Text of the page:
Sometimes, I’ve contacted companies for a definitive answer on, whether or not, the products were safe for those with peanut allergies. The one with dairy allergies ended up not being able to come to any of my parties. But I did go to one of his. His mom had baked him a special, dairy-free cake from scratch. I ended up not having it since I wasn’t feeling well. I left early.

Although it may seem like a bummer that you can’t serve something you enjoy because a guest has a certain food allergy, you can still figure out other ways and be creative. It worked out very well that I learned to cook from scratch when I was twelve. Otherwise, I would’ve had to travel far for a peanut-free cake (the bakeries near me are not safe for those with peanut allergies) or would’ve had to have my mom bake the cake. That would’ve meant giving up control.

Aside from cake, I’ve also learned to make ice cream from scratch as well as whipped cream, chocolate syrup, and much more. I, myself, have a mild tomato allergy. So my mom has come up with alternatives for certain recipes traditionally made with tomatoes. For example, she replaced tomato sauce with canned pumpkin. It still came out delicious.

Whether you have to accommodate for those with dietary restrictions or not, there is always room for creativity, like for health reasons. It can work.

Writing

When You Unconsciously Use the Plot Structure in Any Story You Write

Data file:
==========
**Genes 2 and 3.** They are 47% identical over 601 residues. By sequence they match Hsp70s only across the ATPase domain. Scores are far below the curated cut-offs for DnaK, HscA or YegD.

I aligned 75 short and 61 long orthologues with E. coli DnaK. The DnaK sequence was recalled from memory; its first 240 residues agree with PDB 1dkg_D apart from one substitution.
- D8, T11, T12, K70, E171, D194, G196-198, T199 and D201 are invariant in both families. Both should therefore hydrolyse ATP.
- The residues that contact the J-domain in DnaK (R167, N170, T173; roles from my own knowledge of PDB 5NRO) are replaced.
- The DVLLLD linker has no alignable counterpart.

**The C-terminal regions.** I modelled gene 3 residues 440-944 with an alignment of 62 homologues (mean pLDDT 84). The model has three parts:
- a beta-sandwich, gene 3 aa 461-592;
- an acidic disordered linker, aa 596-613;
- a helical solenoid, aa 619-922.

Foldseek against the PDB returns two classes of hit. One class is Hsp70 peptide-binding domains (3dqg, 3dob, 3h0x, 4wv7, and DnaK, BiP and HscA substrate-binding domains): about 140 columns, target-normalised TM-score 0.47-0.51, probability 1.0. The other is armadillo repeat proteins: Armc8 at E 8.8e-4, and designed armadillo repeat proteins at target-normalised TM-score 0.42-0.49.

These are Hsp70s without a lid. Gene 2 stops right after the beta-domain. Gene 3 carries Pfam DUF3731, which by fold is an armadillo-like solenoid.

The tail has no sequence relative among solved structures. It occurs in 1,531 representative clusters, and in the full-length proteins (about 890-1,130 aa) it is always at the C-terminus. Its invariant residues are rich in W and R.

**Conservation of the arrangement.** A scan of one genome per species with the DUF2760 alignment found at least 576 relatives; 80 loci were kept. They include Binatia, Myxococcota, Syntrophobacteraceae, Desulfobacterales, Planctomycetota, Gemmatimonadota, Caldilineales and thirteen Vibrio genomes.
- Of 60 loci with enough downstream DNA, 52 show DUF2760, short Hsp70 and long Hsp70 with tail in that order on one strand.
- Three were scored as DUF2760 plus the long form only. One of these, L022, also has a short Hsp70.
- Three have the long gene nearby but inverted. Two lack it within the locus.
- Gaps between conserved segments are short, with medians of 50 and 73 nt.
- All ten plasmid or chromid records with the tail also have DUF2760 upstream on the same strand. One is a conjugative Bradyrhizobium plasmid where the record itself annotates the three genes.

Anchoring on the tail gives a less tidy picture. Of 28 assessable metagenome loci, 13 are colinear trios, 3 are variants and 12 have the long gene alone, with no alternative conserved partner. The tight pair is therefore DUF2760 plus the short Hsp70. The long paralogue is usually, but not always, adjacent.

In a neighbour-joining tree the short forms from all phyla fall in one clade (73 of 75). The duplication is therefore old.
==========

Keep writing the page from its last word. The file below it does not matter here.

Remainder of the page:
I’ve been studying the writing craft for years. It was seven and a half years ago when I learned the right rules of creative writing. It took about that long to hone my skills and mature my creative writing abilities to what they are now.

However, before I studied the craft, I wrote a bad novel that I was dying to publish and convinced my parents to let me do so. When it was published, there was no positive feedback. However, I do realize now that I still included the classic plot structure, which I wasn’t aware at during that time. I continued to use that structure in later novels where I studied the craft.

What is the structure, you may ask? It starts of with the inciting incident, where something greatly changes your main character’s situation and sets him or her up on a rough road to achieve his or her goal. Then there is a call to action, and the main character often refuses it at first. Then he or she will accept it.

Next comes the first plot pinch, which sets your main character up for failure. Then there is the midpoint, which can be a major defeat or loss. That will push the protagonist’s struggle to achieve his or her goal even further. There will be complications and higher stakes, which will lead to an all-is-lost moment, where the antagonist wins at that time.

Then comes the climax, where something prepares the protagonist for the final battle (not always literally, though). There may be a ticking clock too, where the protagonist’s time starts running out. Finally, there is the resolution of denouement, where the main character has come somewhere satisfying. He or she may achieve his or her goal. If not, he or she may realize that the goal was not something he or she had wanted all along or something not right for him or her.